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Beat the Heat: Protecting Your House from the Summer Heat

2020 was one of the hottest years for Australia. Heatwaves are becoming more common, particularly in Brisbane and Sydney. Penrith in New South Wales recorded temperatures as high as 49°C, hot enough to put the healthiest people at risk of dehydration and heatstroke. As climate change continues unabated, you can expect higher temperatures and longer summers. Staying safe in the heat becomes crucial, and a few simple measures can ensure you can weather out the hot summers.

Avoid the Sun

The sweltering heat can be unbearable, so try to avoid getting under the sun as much as possible. Schedule your trips and activities early in the morning or late in the afternoon to avoid most of the sun’s heat. Stay indoors if you can, and hold off your usual sports and physical activities when it is a bit cooler.

Of course, heat isn’t the only thing the sun brings, as sunlight contains ultraviolet (UV) radiation. Australia is constantly bombarded by high levels of UV, making it one of the highest-ranking nations regarding the prevalence of skin cancer and melanomas. Sunblock is an excellent way to consciously protect yourself from UV.

However, the most dangerous kinds of exposure are the ones you aren’t aware of. Just driving in your car will expose you to massive amounts of UV. Damage accumulates in your daily commutes, increasing your risk of developing skin cancer and melanomas. Stay safe in your car by lining your windows with UV-filtering film. They take a couple of hours to install, and they’re a lot better than putting on sunblock on your way to work.

Add Shade

Blocking direct sunlight can minimise the heat in your home. Fruit trees are great options, but planting one will take years before it provides any notable shade. You can get instant shade by replanting grown trees, but the process can be expensive.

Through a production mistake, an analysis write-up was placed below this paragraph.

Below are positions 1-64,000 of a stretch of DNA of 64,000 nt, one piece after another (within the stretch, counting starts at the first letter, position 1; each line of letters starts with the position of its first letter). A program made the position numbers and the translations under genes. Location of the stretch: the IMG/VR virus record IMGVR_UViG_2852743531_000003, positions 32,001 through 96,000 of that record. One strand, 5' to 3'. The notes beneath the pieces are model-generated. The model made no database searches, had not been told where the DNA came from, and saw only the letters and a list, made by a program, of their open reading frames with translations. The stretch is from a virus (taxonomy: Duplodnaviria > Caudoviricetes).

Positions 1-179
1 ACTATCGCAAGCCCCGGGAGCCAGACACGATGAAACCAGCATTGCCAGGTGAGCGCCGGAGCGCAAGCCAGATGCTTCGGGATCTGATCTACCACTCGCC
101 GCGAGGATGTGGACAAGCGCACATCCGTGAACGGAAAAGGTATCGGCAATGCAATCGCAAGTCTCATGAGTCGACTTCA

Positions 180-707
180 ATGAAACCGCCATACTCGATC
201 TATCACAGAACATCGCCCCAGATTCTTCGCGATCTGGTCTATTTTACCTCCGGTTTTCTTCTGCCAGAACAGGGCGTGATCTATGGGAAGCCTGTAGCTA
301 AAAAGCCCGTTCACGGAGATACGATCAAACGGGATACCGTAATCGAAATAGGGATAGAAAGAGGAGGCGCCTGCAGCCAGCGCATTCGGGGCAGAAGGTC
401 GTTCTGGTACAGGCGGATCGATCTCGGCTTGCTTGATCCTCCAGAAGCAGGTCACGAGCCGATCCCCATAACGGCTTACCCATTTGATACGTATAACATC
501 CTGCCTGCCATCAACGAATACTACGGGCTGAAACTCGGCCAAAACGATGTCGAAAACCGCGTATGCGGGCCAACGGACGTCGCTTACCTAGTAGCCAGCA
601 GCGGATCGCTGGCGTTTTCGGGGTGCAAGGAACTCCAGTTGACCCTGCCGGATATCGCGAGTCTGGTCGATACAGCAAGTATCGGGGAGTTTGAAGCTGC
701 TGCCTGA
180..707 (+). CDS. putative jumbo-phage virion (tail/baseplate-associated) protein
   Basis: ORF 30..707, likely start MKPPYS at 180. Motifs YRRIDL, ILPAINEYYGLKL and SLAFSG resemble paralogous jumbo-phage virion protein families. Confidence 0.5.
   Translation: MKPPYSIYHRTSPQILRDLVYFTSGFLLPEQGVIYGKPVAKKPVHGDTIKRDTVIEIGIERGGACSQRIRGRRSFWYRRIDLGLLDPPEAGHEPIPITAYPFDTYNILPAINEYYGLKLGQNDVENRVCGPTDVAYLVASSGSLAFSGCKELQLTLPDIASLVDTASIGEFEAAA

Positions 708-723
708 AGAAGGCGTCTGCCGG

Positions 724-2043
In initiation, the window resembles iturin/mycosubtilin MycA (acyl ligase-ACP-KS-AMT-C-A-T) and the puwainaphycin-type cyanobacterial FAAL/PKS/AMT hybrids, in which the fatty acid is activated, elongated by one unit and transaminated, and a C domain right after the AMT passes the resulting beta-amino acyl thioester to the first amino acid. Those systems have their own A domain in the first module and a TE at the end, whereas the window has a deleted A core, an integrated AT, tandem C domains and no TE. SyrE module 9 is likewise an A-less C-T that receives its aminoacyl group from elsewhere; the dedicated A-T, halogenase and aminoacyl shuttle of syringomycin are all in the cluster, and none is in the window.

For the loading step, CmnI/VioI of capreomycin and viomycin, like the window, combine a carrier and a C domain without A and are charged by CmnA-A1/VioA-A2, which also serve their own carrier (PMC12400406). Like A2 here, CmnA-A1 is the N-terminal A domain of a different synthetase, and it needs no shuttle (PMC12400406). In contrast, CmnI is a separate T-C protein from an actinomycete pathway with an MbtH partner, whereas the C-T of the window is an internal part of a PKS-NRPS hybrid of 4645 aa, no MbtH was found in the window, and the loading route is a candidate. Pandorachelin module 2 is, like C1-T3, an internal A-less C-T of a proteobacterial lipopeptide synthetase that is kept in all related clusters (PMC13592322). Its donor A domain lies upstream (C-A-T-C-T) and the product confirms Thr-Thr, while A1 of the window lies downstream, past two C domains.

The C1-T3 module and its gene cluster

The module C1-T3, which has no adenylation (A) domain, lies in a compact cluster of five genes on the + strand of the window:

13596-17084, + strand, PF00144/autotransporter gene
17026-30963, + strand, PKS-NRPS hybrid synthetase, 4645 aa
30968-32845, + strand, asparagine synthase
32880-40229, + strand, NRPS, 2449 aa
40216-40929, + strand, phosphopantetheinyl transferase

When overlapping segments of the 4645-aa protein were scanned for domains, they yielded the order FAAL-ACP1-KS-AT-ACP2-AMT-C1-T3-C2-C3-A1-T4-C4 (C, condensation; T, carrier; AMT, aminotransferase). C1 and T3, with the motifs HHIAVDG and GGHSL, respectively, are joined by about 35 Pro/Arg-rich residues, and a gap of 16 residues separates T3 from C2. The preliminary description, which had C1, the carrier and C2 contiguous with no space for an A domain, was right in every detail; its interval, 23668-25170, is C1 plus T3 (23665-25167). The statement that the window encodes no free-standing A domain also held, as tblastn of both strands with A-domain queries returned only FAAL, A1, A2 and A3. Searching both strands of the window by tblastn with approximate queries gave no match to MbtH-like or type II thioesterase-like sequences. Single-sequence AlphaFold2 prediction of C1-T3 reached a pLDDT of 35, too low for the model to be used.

One good option is to extend the shadow of your house by adding a patio. The extra shade creates a wall of cooler air between your door and the outside, bringing temperatures down by 3 to 5 degrees. A patio allows you to stay outside your house and still be in the shade. It’s great for early morning coffee or perhaps afternoon tea with friends. You can build a patio on your own with DIY kits that cost around $2,000, but it’s always preferable to go through proper patio builders if you want your patio built properly.

Insulate Your Home

house insulation

Without some insulation, your house can become a veritable oven during summer. Insulation keeps your house cool by limiting the effects of outside temperatures inside your house. Your house can stay at a cool 28°C even if it is a scorching 40°C outside.

Heat transfer primarily occurs through the roof. As the sun heats the top of your house, the heat eventually spreads throughout your house. A heated rooftop and ceiling can remain heated way after the sun has gone down, keeping your home uncomfortably warm during the night. Insulating your ceiling and attic provides the most bang for your buck. It limits the most heat while requiring very little labour and equipment, especially if the sprayed foam is used.

Open vents can also bring in hot air, so make sure to check your home for undiscovered vents and openings. Proper insulation will ease the pressure on your HVAC or air conditioning systems. You can expect a drop in power consumption by around 20 to 60 percent, as your cooling systems won’t have to vie with very high temperatures.

Turn Up the Air Conditioner

Don’t skimp on the air conditioning, especially during summer heatwaves. Saving a few pennies doesn’t make sense if you or a family member has to spend a few days in the hospital as a consequence. Heat-related illnesses are becoming more common, and there have been more than a few deaths over the past years.

Maintaining a cool and comfortable home environment is essential, especially if you have kids or elderly relatives living in your home. If you want to be more environmentally friendly, opt for a modern heat pump. Advances in technology have made heat pumps more efficient, to the point of surpassing normal air conditioning units when it comes to cooling. Of course, heat pumps will require more complex (and expensive) installation than your normal HVAC. However, they consume less power, so you’ll save a bit on your monthly bills.

Due to the ongoing climate change, heat waves are the new normal in Australia. If there’s no avoiding them, you might as well take measures to keep yourself safe from the heat and your home cool during summer.


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